Earlier this year, Netflix Chief Executive Reed Hastings hinted that Netflix – a DVD rental service founded way back in 1997 – was mulling a move abroad. "The big market for Hollywood content [after the US] is Europe," Hastings said. "Third is Asia. Fourth is the rest of the world. Canada is and was an option. It's sort of international-lite."
This week comes news that Netflix is planning its first foreign expansion. According to Reuters, Hastings will announce today that Netflix is launching an online video streaming service in Canada; no physical DVD delivery service is planned yet.
"Canada will serve as the test bed for the service before it expands to additional foreign markets," says ReadWriteWeb's Sarah Perez, who participated in a conference call with Netflix execs. "The company will determine whether or not there's opportunity for other countries based on its Canadian performance."
Netflix has faced heightened competition in recent months from other streaming video services such as Hulu – which recently launched a premium Hulu Plus subscription service – and HBO GO. This spring, Netflix announced it had reached a deal that would delay the availability of new releases from Universal and Twentieth Century Fox for at least a month after the official DVD release date.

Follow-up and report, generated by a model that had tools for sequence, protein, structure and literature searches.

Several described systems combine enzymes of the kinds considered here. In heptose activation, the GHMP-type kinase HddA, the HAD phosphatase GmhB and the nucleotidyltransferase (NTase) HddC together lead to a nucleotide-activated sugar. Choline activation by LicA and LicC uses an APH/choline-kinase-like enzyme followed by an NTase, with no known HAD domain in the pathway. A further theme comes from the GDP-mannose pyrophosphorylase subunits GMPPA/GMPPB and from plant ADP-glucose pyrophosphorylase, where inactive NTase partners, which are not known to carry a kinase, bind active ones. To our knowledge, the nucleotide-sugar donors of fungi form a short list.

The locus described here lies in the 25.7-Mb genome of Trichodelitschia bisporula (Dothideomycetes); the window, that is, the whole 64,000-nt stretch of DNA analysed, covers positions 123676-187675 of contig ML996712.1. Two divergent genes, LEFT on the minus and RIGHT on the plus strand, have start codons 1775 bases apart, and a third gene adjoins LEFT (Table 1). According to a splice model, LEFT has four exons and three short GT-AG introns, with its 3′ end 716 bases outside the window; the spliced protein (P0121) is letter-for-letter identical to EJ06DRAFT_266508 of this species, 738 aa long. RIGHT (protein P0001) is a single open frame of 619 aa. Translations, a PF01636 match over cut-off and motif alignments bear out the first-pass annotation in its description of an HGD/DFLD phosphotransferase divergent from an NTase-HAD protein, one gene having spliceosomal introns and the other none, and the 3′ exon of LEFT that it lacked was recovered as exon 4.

In exchange, Fox and Universal agreed to provide more content to Netflix.
More recently, Netflix has released an app for the iPhone, iPad, and iPod Touch, which allows Apple users to remotely access the Netflix streaming library. The application is free, but requires a Netflix membership – rates in the US start at nine bucks a month. The move is a savvy one: As high speed Wi-Fi access become more widespread, demand for media streaming applications has grown.